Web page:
■ A Java web container is a platform or engine that provides a runtime environment for Java-based web applications. Examples of Java web containers are Apache Tomcat, BEA WebLogic, and JBoss. Many Java web applications employ third-party and open source components alongside custom-built code. This is an attractive option because it
reduces development effort, and Java is well-suited to this modular approach. Examples of components commonly used for key application functions are:
■ Authentication — JAAS, ACEGI
■ Presentation layer — SiteMesh, Tapestry
■ Database object relational mapping — Hibernate
■ Logging — Log4J
If you can determine which open source packages are used in the application you are attacking, you can download these and perform a code review or install them to experiment on. A vulnerability in any of these may be exploitable to compromise the wider application.
ASP.NET is Microsoft’s web application framework and is a direct competitor to the Java Platform. ASP.NET is several years younger than its counterpart but has made some inroads into Java’s territory. ASP.NET uses Microsoft’s .NET Framework, which provides a virtual machine (the Common Language Runtime) and a set of powerful APIs. Hence, ASP.NET applications can be written in any .NET language, such as C# or VB.NET.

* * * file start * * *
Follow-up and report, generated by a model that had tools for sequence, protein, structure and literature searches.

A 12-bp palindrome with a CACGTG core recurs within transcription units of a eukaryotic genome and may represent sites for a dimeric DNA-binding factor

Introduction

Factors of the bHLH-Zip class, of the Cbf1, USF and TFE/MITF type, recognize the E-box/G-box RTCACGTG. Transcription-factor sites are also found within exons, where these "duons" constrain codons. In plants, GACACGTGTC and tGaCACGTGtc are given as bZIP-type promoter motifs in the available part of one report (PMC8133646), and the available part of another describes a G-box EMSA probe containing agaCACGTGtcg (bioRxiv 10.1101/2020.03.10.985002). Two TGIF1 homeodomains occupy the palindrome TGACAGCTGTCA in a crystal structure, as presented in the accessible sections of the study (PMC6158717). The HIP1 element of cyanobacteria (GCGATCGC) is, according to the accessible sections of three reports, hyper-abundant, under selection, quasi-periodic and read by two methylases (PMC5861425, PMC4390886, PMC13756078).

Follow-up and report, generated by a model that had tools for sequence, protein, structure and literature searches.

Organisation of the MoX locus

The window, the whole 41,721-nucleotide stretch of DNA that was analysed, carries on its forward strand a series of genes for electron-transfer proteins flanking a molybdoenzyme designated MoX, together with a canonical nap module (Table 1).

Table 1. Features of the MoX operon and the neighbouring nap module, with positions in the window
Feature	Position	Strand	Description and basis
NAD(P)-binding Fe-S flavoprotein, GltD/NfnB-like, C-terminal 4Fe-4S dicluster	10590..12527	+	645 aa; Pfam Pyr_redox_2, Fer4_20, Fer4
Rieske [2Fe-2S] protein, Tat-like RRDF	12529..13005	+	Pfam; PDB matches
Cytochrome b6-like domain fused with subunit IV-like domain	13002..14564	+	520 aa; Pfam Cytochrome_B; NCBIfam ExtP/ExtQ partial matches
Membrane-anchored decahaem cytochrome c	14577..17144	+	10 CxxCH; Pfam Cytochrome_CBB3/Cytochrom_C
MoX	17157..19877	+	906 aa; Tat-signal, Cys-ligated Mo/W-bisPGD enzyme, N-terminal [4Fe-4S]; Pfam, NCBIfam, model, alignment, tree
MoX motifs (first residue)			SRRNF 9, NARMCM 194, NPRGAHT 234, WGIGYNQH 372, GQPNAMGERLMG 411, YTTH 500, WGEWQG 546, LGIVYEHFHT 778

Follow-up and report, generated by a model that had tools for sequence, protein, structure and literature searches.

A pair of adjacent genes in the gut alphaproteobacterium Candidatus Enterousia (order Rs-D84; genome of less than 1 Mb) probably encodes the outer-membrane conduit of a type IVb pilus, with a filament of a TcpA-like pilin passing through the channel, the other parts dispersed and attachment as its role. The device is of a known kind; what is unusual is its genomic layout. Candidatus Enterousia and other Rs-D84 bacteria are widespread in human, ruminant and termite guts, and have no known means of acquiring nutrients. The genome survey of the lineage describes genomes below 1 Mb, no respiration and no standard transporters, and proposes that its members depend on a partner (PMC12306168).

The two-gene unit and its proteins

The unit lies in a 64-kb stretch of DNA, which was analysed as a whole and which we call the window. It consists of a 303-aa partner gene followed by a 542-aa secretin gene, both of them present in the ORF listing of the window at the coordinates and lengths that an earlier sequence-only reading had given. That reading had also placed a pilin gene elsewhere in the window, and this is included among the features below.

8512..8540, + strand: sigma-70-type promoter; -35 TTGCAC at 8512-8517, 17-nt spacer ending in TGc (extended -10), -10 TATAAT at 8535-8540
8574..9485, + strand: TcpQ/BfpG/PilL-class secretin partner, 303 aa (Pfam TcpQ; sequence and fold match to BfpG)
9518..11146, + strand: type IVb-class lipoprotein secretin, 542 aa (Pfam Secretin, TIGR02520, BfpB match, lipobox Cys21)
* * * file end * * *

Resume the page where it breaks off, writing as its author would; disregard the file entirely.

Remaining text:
ASP.NET lends itself to the event-driven programming paradigm which is normally used in conventional desktop software, rather than the script-based approach used in most earlier web application frameworks. This, together with the powerful development tools provided with Visual Studio, make developing a functional web application extremely easy for anyone with minimal programming skills.